It finally happened. I have a fart story to tell.
I’ve always been jealous of Bob Brandy. The legendary local cowboy/kid’s show host had a memorable story, that has been quoted by many.
I had heard it before, but when I started visiting churches and clubs to talk about my “Chattanooga Radio and Television” book, I heard it again. Over and over.
In fact, I’m convinced the “farting” episode of “The Bob Brandy Show” on WTVC must have set ratings records much like the Super Bowl, the final episode of “M*A*S*H,” and the slow-speed O.J. Simpson Bronco chase.
If everyone who claims to have seen the Bob Brandy Show that day, REALLY saw that show, Chattanooga must have had a population the size of New York City in the 1960s.
As soon as people noticed Bob Brandy on the cover of my book, they would say, “I have a Bob Brandy story for you. I’ll bet it’s not in your book!” They were right. Had I known the degree of interest, I would have had a best-seller, soon to be a major motion picture. (In fact, Eddie Murphy made an entire movie called “The Nutty Professor,” and the only thing anyone remembers is the dining table fart scene).
As the story goes, Cowboy Bob was doing what he did so well: giving away prizes, showing cartoons, and singing country songs with his renowned trio. As he was doing a commercial for delicious, nutritious Golden Flake potato chips, a disturbance erupted from the bleachers. Each day, those bleachers were filled with 3rd graders from Rossville, Sunday School classes from Tiftonia, or scout troops from Murphy, North Carolina.
On this day, Bob’s sales pitch was interrupted by a lot of seat shifting and loud giggles.
It was live television, so Bob wrapped up his commercial, and wandered up into the bleachers with a live microphone. Figuring it might be good for a laugh or two, Bob reportedly asked one giggling boy what all the commotion was about. According to thousands of Chattanooga TV viewers of the 1960s, the reply was short and simple. “Charlie farted!” said the young man, followed by loud laughter. (The name “Charlie” is the most quoted by those who witnessed the show, although other names have also been recalled. None of them were “David,” just for the record).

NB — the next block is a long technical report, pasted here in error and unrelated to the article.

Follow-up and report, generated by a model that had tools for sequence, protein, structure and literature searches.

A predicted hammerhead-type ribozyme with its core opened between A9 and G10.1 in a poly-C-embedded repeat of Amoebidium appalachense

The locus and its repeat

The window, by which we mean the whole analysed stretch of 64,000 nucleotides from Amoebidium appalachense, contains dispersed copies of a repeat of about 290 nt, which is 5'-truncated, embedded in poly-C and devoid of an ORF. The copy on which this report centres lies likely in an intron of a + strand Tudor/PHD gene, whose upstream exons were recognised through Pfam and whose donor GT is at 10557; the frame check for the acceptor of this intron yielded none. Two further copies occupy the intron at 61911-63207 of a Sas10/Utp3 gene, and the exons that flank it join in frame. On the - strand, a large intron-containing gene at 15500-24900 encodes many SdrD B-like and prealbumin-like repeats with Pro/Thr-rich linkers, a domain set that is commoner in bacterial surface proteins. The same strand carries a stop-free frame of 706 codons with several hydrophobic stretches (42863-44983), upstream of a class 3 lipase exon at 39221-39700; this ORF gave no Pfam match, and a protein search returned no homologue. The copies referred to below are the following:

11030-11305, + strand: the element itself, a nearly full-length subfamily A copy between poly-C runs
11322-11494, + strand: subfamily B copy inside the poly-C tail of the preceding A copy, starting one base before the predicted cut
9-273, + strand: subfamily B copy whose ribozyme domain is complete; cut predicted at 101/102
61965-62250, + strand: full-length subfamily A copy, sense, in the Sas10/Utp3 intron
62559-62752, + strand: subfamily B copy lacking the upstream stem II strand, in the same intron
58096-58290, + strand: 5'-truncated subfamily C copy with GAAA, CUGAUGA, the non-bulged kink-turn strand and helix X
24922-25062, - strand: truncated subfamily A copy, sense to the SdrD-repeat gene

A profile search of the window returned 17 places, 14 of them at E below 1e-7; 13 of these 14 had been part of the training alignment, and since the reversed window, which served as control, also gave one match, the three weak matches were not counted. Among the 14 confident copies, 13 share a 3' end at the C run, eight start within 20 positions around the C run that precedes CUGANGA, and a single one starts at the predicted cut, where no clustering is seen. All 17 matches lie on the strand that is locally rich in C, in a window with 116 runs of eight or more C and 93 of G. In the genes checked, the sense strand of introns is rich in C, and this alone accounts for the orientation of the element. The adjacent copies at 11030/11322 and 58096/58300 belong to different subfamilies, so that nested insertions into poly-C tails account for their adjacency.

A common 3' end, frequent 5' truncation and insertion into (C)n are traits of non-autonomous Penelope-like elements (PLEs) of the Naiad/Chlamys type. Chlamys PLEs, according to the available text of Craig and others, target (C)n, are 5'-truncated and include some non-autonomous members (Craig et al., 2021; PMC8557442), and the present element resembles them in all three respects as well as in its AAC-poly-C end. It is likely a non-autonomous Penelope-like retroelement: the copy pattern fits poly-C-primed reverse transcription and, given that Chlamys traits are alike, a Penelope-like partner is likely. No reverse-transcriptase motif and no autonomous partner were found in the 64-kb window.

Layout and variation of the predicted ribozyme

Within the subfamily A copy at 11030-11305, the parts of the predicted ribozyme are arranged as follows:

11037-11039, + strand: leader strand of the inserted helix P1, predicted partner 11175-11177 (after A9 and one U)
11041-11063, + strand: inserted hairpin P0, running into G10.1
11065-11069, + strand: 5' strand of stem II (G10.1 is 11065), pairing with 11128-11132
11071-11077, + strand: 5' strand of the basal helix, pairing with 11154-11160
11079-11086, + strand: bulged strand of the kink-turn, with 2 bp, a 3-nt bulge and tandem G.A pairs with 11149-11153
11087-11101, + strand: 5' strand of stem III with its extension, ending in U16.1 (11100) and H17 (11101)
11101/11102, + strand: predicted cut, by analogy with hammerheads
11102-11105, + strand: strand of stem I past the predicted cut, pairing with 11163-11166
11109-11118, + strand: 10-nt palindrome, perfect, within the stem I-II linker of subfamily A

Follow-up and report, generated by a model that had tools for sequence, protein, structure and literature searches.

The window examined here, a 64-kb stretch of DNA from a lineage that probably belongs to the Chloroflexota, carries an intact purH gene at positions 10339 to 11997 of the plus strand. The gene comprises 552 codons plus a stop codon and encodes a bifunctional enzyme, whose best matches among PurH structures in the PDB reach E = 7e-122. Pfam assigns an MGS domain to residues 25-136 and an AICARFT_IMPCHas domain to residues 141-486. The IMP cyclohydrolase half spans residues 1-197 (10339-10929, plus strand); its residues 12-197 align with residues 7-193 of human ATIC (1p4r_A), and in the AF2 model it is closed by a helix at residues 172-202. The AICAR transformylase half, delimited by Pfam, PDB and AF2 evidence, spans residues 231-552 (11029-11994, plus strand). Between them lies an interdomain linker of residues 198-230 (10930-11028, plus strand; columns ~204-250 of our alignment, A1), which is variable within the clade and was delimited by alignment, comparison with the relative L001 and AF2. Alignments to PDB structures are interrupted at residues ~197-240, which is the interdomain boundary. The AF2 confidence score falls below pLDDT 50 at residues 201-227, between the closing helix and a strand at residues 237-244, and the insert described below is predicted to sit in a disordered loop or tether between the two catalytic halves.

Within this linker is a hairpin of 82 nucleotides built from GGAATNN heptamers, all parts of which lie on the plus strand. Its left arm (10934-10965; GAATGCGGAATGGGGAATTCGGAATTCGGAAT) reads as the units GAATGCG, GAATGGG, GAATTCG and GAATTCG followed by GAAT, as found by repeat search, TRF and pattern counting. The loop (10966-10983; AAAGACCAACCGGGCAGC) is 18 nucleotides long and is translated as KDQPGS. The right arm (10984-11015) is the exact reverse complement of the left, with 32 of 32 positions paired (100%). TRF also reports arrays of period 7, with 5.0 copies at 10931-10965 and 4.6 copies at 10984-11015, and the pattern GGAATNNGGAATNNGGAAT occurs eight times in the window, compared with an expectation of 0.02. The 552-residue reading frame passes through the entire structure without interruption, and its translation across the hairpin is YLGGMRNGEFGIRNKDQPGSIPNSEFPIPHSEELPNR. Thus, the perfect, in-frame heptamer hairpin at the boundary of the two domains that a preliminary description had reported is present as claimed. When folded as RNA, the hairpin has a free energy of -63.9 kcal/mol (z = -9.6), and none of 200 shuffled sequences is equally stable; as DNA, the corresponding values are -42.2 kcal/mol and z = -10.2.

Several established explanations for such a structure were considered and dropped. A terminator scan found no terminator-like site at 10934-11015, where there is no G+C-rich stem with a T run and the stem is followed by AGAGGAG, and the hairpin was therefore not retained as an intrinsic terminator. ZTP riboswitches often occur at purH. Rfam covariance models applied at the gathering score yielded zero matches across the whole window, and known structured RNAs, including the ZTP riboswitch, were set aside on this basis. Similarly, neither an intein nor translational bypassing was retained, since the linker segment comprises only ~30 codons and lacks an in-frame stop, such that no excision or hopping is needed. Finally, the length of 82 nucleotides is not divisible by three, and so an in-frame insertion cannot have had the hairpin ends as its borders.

I’m not sure what happened next. The notorious gas passer is the only part of the story that lives on. Still, it deserves its own place in the Chattanooga TV Hall of Fame, if one is ever established.
I can tell you that no matter who has shared that story with me, no other term for flatulence has ever been used. No one heard that Charlie passed gas, tooted, cut the cheese, broke wind, ripped one, let one, made a stinker, roared from the rear, did the one-cheek sneak, or fired off a stink torpedo.
I have no idea if the “phantom phart” made the familiar sound, or if it was “silent but deadly.”
So now, I have my own smelly saga. On the most recent Dr. Seuss “Read Across America” day, I was reading “Green Eggs and Ham” to a group of elementary students. They were seated in a semi-circle on the floor. I was almost at a pivotal plot point, about eating these delicacies in the dark, when I noticed the children were no longer hanging on my every word. They were scooting around on the floor, separating themselves from a smiling boy. “I couldn’t help it!” he said. So for the next few minutes, we had to re-group, and re-position until order could be restored. I will admit, the rest of my reading wasn’t as strong. The momentum of “Green Eggs and Ham” had been lost.
That’s why I’ve written my own Seussian poem, on a topic that the good doctor never dared touch.
I do not like beans here or there. I do not like them anywhere.
I will not eat them in my house. I will not eat them with a mouse.
If you eat them during class, that may be you who’s passing gas.
You may say thank you. You may say please. Don’t be the one who cuts the cheese.
You may be cool. You may be hip. Don’t be the one who lets it rip.
Your friends say you’re a first-class thinker. Don’t ever be a naughty stinker.
So think of others, don’t be cute.
Wait ‘til you’re home, before you toot.